Which Joe gave his name to ‘sloppy joes’? We look at five interesting sandwiches and their lexical origins.
As fast as possible.
as fast as possible, as quickly as possible, very fast, very quickly, very rapidly, very speedily, very swiftly, hurriedly, at full speed, at the double, at full tilt, at full pelt, headlong, hotfoot, post-haste, pell-mell, helter-skelter, at the speed of light, at breakneck speed, like an arrow from a bowlike a bat out of hell, at a lick, like the wind, like greased lightning, at warp speed, like a bomb, like mad, like crazy, like blazeslike the clappers, at a rate of knots, like billy-olickety-splitapace, hurry-scurryView synonyms
- ‘It looks like the allies are going hell for leather to get it over with.’
- ‘He was going hell for leather and the noises he was making were truly spectacular.’
- ‘The last movement, so easily a tiresome adjunct, was played hell for leather.’
- ‘Shoe shop manager Mark Haynes is a secret tough man, who likes nothing better than running hell for leather in the roughest of conditions.’
- ‘Both sides were still going hell for leather at the end of the match and the tackles continued to go flying in fiercely even as injury time ticked away.’
- ‘But unless you're going hell for leather at your keyboard, don't put them at the end of every sentence you type!’
- ‘You are left with two choices - either you let it drift, and risk losing control over the argument, or you go hell for leather and actively push it forward.’
- ‘But we've got three short stages to do tomorrow and we'll just have to go hell for leather and make sure we overtake Marcus.’
- ‘I asked the lads at half-time to raise the profile of the game, to go hell for leather for the opening exchanges of the second half.’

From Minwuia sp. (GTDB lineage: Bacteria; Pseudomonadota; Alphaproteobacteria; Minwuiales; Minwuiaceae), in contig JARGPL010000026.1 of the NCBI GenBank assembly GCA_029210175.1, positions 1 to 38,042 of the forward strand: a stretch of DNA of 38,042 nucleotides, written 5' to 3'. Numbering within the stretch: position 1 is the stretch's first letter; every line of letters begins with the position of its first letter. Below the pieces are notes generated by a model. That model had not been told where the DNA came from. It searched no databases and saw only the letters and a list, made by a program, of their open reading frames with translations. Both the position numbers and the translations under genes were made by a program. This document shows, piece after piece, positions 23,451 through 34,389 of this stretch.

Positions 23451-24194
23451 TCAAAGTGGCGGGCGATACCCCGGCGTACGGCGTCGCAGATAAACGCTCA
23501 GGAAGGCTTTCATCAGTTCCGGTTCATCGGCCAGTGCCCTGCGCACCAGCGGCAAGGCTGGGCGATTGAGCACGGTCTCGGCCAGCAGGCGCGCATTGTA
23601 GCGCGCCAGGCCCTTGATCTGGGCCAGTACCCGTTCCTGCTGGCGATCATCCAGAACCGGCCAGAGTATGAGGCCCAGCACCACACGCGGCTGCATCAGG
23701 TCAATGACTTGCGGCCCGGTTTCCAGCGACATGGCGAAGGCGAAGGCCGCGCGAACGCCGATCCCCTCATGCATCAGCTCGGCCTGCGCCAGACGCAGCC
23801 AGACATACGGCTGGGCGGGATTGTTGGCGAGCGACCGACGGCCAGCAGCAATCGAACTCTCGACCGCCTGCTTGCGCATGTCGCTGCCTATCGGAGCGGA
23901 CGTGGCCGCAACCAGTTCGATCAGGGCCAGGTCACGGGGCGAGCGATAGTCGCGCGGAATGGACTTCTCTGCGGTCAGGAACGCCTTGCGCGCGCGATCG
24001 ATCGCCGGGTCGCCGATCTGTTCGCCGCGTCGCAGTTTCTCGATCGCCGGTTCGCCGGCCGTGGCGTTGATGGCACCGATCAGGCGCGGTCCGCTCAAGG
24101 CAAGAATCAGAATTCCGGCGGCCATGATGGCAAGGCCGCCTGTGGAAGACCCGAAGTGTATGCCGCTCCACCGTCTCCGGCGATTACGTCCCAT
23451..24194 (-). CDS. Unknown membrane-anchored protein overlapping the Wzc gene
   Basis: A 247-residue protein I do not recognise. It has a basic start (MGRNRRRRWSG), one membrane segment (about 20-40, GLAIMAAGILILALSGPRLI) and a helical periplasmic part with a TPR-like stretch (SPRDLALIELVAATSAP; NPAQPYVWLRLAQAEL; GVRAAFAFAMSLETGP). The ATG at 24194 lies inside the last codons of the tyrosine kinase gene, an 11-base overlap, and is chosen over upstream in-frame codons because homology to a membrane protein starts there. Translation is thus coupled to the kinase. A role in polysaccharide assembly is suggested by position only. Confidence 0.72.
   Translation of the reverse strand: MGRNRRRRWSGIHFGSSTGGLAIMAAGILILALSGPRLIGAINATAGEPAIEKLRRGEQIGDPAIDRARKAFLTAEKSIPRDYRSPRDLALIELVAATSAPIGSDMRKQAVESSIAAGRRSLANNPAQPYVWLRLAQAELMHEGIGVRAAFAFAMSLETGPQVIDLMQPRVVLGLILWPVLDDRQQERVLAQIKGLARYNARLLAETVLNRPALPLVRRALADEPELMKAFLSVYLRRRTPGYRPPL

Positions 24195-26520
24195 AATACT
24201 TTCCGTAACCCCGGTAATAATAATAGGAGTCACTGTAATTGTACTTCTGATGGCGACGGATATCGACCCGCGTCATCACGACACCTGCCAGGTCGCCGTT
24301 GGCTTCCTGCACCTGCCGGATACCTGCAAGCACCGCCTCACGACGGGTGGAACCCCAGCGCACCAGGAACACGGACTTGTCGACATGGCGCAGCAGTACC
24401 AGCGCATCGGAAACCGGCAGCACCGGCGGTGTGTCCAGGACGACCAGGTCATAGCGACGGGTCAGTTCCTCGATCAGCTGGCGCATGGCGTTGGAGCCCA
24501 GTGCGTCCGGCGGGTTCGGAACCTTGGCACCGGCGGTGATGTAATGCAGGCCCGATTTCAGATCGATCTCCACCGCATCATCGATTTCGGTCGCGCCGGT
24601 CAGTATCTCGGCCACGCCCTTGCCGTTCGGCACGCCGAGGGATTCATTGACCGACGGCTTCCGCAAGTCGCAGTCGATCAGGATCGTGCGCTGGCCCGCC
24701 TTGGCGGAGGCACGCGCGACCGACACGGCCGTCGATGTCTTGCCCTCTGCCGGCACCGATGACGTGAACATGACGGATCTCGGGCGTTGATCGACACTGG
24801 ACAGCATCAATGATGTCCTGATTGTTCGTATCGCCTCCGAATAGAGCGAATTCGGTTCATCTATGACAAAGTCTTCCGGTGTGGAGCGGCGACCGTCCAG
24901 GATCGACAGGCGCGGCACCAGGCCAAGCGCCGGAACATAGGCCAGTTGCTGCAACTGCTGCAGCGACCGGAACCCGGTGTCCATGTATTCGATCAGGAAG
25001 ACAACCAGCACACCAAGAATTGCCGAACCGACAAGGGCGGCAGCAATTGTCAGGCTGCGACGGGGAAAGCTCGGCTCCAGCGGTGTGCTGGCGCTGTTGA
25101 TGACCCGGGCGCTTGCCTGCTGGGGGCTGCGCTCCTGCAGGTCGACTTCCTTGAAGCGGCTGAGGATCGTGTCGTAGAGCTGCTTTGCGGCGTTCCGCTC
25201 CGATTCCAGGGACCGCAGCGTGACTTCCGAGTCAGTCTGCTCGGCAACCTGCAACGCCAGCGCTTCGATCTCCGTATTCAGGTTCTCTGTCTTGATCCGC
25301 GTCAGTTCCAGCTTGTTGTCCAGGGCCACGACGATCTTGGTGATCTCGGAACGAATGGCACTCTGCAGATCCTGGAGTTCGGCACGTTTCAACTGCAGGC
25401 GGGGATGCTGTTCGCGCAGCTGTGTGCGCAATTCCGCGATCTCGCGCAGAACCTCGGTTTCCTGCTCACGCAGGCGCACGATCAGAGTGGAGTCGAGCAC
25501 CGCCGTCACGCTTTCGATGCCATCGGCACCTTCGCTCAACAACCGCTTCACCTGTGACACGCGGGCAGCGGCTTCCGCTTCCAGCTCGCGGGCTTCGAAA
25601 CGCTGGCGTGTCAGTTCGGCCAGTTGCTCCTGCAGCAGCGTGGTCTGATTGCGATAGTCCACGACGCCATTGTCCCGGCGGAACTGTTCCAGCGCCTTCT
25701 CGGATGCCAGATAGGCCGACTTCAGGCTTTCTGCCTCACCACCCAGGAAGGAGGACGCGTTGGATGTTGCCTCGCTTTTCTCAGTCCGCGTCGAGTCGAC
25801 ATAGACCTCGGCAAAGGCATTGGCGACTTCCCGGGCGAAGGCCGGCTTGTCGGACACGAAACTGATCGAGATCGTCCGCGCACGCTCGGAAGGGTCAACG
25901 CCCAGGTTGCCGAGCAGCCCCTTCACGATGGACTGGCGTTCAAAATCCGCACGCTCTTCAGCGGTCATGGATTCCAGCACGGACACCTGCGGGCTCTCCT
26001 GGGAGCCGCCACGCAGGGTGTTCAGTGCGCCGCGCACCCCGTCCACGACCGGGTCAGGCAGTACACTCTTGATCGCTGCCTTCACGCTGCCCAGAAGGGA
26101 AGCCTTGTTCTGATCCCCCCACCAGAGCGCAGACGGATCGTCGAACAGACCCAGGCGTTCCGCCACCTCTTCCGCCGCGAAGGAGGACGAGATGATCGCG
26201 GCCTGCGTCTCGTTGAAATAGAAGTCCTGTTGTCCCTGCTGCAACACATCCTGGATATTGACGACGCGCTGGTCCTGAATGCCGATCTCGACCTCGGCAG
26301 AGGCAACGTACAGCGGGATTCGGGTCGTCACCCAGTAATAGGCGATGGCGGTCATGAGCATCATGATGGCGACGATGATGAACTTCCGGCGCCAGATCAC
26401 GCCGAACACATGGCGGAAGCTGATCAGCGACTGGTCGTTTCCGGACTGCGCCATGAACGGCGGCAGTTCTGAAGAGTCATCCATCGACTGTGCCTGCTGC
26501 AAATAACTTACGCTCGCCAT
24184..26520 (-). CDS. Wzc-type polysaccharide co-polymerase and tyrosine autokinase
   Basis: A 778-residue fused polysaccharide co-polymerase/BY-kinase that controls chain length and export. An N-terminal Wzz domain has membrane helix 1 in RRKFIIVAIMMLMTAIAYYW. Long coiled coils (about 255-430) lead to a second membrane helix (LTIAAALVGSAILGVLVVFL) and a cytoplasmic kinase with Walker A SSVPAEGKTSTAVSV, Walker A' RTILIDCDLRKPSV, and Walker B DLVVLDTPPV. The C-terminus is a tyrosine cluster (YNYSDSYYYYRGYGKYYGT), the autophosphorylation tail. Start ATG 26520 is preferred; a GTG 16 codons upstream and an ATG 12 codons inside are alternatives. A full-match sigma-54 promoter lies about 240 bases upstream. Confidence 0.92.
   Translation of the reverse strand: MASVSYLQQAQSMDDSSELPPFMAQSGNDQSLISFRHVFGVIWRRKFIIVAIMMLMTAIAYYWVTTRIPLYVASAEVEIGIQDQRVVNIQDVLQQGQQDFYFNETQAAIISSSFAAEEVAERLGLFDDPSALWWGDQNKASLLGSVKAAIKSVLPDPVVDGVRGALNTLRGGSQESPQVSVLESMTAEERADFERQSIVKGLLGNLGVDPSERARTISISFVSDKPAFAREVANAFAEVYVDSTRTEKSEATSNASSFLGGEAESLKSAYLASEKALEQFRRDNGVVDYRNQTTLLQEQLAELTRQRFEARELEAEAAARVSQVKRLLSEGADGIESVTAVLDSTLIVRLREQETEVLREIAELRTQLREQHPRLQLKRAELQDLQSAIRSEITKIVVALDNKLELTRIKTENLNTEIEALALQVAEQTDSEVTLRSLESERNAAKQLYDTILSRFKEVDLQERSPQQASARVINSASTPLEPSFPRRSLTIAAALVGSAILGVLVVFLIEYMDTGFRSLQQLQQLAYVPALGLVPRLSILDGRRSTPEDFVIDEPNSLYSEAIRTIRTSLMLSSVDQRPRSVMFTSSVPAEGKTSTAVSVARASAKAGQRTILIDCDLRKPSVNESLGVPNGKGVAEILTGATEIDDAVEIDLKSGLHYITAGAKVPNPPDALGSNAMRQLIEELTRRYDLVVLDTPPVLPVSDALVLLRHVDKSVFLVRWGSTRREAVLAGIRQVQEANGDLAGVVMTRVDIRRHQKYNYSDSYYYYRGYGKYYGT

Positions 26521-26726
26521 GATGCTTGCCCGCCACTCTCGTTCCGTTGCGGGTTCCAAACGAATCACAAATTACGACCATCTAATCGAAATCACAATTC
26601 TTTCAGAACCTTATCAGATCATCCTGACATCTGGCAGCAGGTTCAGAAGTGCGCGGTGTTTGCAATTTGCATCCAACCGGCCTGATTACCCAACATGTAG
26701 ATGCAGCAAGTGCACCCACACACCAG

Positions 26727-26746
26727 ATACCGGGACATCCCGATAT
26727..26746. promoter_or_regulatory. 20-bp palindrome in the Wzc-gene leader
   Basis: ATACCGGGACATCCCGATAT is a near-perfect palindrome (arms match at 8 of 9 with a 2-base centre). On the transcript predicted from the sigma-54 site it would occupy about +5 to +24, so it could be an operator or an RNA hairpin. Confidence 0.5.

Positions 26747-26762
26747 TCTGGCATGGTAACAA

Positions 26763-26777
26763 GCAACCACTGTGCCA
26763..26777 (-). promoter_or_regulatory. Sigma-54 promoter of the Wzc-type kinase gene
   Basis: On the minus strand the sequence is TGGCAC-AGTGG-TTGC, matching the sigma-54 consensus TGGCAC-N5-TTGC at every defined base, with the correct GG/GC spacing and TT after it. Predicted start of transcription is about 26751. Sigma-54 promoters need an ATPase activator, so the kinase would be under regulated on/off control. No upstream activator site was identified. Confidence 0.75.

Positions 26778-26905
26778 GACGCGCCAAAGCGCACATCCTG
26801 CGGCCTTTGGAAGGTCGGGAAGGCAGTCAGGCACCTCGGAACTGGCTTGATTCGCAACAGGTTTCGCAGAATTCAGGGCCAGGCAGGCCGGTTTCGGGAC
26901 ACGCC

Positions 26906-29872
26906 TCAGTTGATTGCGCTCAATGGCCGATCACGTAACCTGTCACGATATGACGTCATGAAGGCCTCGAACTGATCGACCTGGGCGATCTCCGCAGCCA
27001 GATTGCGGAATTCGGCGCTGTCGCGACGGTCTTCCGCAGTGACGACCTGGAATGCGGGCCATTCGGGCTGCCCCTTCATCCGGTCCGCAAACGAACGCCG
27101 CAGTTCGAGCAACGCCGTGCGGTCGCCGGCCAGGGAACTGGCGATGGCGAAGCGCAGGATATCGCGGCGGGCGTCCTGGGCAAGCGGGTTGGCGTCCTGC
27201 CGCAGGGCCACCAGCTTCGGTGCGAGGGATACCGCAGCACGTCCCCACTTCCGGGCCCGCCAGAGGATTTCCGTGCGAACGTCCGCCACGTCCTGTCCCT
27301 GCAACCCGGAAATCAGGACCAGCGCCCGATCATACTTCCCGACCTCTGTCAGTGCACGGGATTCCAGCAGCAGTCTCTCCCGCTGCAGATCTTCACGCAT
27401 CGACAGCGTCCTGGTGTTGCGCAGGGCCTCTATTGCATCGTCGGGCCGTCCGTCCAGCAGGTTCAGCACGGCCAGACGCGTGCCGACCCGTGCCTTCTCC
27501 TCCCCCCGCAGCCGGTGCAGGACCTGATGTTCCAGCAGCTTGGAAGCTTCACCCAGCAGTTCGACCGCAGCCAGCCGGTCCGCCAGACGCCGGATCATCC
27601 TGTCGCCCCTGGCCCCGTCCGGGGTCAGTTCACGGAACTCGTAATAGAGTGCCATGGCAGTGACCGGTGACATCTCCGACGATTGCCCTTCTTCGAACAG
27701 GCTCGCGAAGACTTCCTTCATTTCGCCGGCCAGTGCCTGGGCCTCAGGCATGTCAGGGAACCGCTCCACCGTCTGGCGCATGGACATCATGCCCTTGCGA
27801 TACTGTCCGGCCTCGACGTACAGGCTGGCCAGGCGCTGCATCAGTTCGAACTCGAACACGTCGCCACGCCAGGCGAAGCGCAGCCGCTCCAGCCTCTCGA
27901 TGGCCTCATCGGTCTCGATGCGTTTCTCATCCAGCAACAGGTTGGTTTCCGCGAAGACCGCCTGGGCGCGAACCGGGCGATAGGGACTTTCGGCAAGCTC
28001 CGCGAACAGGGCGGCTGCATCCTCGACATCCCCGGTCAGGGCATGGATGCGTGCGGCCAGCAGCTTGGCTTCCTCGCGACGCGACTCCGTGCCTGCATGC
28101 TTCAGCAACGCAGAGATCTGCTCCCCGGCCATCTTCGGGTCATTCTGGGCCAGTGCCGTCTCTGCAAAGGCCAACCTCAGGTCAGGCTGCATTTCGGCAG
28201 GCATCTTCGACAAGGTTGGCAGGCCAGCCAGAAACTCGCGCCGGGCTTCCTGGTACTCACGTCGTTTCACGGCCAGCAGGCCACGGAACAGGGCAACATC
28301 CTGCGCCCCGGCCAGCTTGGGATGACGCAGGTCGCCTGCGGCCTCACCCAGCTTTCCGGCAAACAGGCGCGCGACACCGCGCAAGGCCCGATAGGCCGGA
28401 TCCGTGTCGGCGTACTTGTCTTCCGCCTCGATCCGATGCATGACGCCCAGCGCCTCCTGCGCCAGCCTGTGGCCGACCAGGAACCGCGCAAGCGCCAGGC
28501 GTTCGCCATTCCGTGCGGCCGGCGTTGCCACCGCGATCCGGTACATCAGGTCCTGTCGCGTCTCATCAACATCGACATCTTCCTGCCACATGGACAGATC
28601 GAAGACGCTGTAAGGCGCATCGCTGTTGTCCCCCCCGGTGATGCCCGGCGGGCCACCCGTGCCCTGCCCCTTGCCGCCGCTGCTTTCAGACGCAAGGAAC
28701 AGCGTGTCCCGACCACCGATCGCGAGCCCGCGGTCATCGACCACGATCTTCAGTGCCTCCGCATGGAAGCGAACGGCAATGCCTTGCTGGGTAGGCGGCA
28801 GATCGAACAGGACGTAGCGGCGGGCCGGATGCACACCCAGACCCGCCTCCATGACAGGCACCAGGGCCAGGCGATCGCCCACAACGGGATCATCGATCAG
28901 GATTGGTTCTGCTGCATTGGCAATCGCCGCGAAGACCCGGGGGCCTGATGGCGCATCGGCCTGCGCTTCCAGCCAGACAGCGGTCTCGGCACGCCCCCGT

- ‘Outside rugby I'm a fairly placid guy but once I'm on the pitch I go hell for leather.’
- ‘Both managers chose to string five across the midfield, causing some congestion in that area, but it underlined their determination to go hell for leather in search of all three points.’
- ‘But we are going hell for leather to govern by ourselves.’
- ‘In case you haven't heard, this year's census will feature ‘Irish’ as an ethnic minority status for the first time - and Irish community leaders are going hell for leather to make sure it gets filled in.’
- ‘We know they'd go hell for leather for it… there was no question of complacency, it was just that our forwards did not click on the day, especially in the first half.’
- ‘Both sides went for it hell for leather on the restart.’
- ‘The wind machine goes hell for leather as the clouds in the moonlit sky float serenely.’
- ‘We have been working hell for leather to get it finished and it is a new, exciting learning curve for me, and I have got two great girls working for me.’
- ‘Careering towards her are four two-year-olds, pedalling hell for leather on miniature cars.’
- ‘People are going to be up there going hell for leather.’
- ‘The muscles really get a good work out without going all hell for leather either.’
We take a look at several popular, though confusing, punctuation marks.
From Afghanistan to Zimbabwe, discover surprising and intriguing language facts from around the globe.
The definitions of ‘buddy’ and ‘bro’ in the OED have recently been revised. We explore their history and increase in popularity.